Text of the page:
"The print edition--which has illustrations not in the Kindle edition, I believe--is $8 (plus shipping) as opposed to the Kindle $5. It's perfect bound and looks great. For anyone who remembers the 'zine movement, this may be better way to go."
It's available here.
And finally, Mary, who's an early riser, has already completed her daily rounds of the Internet, and learned that today is the 9th Blogiversary of Thrilling Days of Yesteryear, which Ivan is celebrating with a New York Review of Books style thumbsucker:
In a world where social media outlets like Facebook and Twitter become more and more popular with each passing day…blogs are starting to become the equivalent of a Model T.He always gets so pensive around the holidays. But the question remains, when the kids start zipping past your rattletrap old blog with their sporty Twitters, and even soccer moms are running you off the road with their massive Sport Utility Facebooks, do you call it quits, or head to the show room and trade her in? Click here to find out, then wish him seasonally appropriate felicitations, and stick around to read the latest episode of The Adventures of Sir Galahad. The Black Death has never seemed quite so goofy.
Oh, Oh, I wanted to tell you something.
Shatner has gone lower than mere Priceline commercials.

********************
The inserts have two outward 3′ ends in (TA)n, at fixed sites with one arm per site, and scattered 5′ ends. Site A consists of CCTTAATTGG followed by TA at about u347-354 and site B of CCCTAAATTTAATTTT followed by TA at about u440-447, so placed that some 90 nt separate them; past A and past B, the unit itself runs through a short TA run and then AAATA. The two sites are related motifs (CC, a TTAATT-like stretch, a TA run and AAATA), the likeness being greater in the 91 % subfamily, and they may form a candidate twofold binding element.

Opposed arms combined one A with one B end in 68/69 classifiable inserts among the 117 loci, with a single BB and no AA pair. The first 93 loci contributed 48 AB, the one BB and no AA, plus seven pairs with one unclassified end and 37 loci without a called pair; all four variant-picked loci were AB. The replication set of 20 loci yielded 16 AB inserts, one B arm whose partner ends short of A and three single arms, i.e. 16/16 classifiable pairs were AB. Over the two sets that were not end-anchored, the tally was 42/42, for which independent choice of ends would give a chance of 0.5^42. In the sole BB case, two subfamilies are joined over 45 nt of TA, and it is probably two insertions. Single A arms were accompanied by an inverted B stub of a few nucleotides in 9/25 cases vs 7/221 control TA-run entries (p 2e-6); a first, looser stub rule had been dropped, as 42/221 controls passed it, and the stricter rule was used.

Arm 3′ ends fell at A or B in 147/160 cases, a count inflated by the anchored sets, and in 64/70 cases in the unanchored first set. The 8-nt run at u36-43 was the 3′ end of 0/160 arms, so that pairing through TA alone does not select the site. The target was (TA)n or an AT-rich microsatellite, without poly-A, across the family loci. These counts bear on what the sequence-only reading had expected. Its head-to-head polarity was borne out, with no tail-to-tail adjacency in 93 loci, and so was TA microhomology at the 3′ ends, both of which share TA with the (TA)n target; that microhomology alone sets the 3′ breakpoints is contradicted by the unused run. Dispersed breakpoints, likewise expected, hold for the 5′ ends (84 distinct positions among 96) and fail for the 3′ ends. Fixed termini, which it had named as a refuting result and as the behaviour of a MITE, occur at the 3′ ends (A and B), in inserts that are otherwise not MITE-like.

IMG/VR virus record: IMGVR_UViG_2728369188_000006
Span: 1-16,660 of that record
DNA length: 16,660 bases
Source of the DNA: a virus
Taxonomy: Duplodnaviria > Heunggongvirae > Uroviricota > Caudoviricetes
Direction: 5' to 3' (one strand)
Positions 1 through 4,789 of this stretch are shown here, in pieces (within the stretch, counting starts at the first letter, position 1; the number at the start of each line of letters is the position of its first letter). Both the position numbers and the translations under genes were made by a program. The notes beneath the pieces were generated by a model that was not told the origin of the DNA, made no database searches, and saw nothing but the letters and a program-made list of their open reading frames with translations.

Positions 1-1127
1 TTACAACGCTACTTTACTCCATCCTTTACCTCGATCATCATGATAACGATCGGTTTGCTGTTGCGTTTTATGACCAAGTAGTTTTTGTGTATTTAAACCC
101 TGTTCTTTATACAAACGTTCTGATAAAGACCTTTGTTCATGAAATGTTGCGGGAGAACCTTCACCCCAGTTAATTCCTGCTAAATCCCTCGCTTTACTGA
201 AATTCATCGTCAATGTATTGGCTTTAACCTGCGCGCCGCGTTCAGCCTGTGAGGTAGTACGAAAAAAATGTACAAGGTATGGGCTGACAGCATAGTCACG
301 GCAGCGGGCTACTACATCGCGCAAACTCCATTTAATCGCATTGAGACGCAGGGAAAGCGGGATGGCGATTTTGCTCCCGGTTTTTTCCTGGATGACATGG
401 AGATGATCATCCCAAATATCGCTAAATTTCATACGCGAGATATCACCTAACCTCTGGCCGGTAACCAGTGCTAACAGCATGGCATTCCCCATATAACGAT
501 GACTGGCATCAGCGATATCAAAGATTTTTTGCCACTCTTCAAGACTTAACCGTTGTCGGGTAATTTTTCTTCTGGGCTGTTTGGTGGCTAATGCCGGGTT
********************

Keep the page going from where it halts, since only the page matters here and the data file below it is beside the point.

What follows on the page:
There are now on SA TV commercials for a local lo-cost! insurance company called Dial Direct where he speaks from a desk accompanied by a little potbellied pig.They are obviously totes cheaply produced and really, really bad. But it's him all right.
Scott--Many thanks for the pimpage on my "After Last Season" piece.
May I add for those old-school folks out there that Cashiers du Cinemart #17 (edited by Mike White of the Projection Booth podcast) is also available in a dead tree edition. I got mine yesterday, and I have to say ... man, print is cool, isn't it? It just has something that e-books don't.
The print edition--which has illustrations not in the Kindle edition, I believe--is $8 (plus shipping) as opposed to the Kindle $5. It's perfect bound and looks great. For anyone who remembers the 'zine movement, this may be better way to go.
It's available here:
And may I add in closing: There are, um, printers in the basement you can use.
Re the Mike and Ike (and Scott!) Star Trek commentary, a thread at Roy Edroso's Alicublog about the conservative tendency to plunder and parse American culture for conservative messages finally wound up parsing TOS for top ten conservative message episodes, and a commenter named Hob delivered the best list, which comment I reproduce here:
"The City on the Edge of Forever": To save the future, a 20th-century pacifist social worker must die.
"Bread and Circuses": The Roman Empire is replaced by pure love and universal brotherhood as soon as Christianity is invented.
"Is There In Truth No Beauty?": Foreign diplomats are so horrifying you will lose your mind if you look at them.
"Elaan of Troyius": Women can control your mind if you let them cry on you.
"The Way to Eden": Well-meaning but silly hippies follow their crazy leader to a planet made out of poison.
"Spock's Brain": A man can live without a brain.